The Acer Nitro 5 (Intel) has everything you'd want in a gaming notebook — without breaking the bank. For starters, my review set (AN515-57-723G) is fast enough to run the latest games at 1080p, thanks to its 11th-gen Intel Core i7 processor and Nvidia GeForce RTX 3060 graphics. There's also a 144Hz Full-HD IPS display, Wi-Fi 6 connectivity, as well as ample RAM and storage. But the key spec here is probably its S$2,298 price tag, which is relatively affordable for a mid-range gaming laptop.
- 15.6-inch Full-HD display (144Hz)
- Intel Core i7-11800H with Nvidia GeForce RTX 3060 graphics
- Thunderbolt 4, 3x USB Type-A, Ethernet, HDMI
This Intel-powered Nitro 5 has the exact same chassis design as the AMD Ryzen 7 variant that I tested in May. It is a sturdy chassis with the usual trappings of a gaming notebook. Four vents at the sides and the rear, with a dash of red to break the all-black look. The 4-zone RGB keyboard backlight also helps to add some colour. It's an upgrade over the single-zone backlight found in entry-level gaming laptops. This, as well as other settings like fan speed, can be adjusted in Acer's NitroSense gaming control centre. Personally, I feel that NitroSense strikes a nice balance at catering to both casual and hardcore users. For the most part, you can just leave everything to their defaults. But I recommend turning off the Windows logo key to avoid accidental presses in games. The keyboard itself offers decent key travel (1.6mm) with a slight bouncy feel.
One of the few differences between the Intel Nitro 5 and its AMD sibling: the Intel one gets a Thunderbolt 4 port. Useful if you plan to connect the laptop to a monitor or a dock. The Thunderbolt 4 port is also rated at 40Gbps compared to the 10Gbps USB-C port on the AMD version. In addition, you'll also find three USB Type-A ports, as well as HDMI and Ethernet. The audio is fairly standard for a notebook. There's not much bass, but it's clear without any distortion. The dual 2W speakers are on the softer side, though. My Nitro 5 review set comes with a 1TB solid-state drive. However, if you're running out of space, you can add a secondary 2.5″ SATA hard drive yourself. This is pretty cool, and not something you can do in other notebooks. I found the instructions online, while the required cables are included.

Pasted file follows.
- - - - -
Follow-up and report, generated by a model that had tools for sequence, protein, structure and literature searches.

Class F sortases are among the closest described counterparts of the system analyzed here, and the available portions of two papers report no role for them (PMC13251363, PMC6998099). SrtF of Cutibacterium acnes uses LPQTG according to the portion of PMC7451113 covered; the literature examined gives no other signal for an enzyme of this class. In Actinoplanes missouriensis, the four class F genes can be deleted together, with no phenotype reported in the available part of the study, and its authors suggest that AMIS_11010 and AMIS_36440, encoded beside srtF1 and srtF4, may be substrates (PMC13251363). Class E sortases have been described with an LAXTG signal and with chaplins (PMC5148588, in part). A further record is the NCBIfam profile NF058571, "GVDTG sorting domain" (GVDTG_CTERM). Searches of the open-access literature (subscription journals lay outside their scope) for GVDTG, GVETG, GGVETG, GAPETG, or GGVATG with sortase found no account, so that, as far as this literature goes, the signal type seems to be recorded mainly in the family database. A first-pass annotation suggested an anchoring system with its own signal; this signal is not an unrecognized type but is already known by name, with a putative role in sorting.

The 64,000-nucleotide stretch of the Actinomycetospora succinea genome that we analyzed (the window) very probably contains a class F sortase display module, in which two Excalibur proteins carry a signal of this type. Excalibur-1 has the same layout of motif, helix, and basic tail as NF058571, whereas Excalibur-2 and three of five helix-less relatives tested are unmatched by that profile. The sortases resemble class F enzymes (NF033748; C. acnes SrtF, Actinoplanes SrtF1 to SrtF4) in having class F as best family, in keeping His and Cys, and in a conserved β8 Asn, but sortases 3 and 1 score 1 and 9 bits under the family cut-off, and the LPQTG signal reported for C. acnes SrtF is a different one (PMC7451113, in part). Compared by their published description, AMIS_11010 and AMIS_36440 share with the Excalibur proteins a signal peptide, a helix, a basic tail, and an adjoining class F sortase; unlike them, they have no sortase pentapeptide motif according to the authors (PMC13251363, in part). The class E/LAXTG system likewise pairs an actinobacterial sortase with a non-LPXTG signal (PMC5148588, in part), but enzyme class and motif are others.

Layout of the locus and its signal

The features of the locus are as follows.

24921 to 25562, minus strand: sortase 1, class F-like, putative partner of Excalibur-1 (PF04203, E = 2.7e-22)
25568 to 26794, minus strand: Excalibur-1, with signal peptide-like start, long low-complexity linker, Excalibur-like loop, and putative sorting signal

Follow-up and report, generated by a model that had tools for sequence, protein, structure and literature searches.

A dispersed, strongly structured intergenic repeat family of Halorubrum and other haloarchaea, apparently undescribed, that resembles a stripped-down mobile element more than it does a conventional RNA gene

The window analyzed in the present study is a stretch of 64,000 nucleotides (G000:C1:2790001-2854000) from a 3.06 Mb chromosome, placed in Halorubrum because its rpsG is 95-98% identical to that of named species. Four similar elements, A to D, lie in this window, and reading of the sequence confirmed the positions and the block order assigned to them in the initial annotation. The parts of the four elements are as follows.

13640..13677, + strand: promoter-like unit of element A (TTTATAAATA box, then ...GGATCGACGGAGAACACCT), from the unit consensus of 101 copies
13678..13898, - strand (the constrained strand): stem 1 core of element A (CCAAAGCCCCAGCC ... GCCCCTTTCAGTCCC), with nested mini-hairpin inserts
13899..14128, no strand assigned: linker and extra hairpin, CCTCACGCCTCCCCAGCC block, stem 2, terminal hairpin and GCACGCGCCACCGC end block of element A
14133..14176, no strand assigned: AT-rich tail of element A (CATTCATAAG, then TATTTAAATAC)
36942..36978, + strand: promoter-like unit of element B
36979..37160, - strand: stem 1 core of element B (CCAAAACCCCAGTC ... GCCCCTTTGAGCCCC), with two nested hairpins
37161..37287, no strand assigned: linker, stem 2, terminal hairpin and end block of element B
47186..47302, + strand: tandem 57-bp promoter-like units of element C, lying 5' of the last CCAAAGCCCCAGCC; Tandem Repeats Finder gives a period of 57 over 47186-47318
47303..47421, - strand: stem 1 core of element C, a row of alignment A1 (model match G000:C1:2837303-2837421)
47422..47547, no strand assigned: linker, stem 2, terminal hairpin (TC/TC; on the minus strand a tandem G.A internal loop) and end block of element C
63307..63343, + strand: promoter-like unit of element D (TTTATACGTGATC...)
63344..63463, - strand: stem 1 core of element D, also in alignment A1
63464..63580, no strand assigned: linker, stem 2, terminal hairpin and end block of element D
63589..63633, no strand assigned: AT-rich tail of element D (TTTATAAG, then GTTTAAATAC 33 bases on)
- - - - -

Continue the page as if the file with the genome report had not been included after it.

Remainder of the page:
The 11th-gen Intel Core i7-11800H chip in the Nitro 5 makes its mark in system benchmarks like PCMark 10. Its overall score of 7,161 beats the 6,820 produced by the AMD Ryzen 7 Nitro 5. In fact, its score is similar to that of the Asus ROG Strix Scar 15, which uses an AMD Ryzen 9 chip. But with both the Intel and AMD Nitro 5 sporting the same GeForce RTX 3060 graphics chip, gaming performance is largely similar. For instance, both models managed around 52 fps in Metro Exodus at Ultra setting. The heat produced by the Nitro 5 was also tolerable. While I wouldn't touch the hot narrow strip above the keyboard, the keyboard felt reasonably cool. And the cooling fans were not too noisy when set to Auto.
At S$2,298, the Acer Nitro 5 (Intel) is slightly cheaper than its AMD counterpart (S$2,498). Both notebooks are essentially similar in design and performance, but you do get more RAM (32GB instead of 16GB) with the AMD model. The Nitro 5 also compares well against other notebooks in this price range. For instance, the Asus TUF Dash 15 is S$2,198, despite being slower in benchmarks due to its slightly weaker specs (Core i7-11370H and RTX 3050 Ti). Overall, the Nitro 5 lacks some of the frills of more expensive models, but it hits the spot for price and performance. It is available at Acer's own online store, as well as its official stores on Shopee and Lazada.
Note: Review set provided by Acer.
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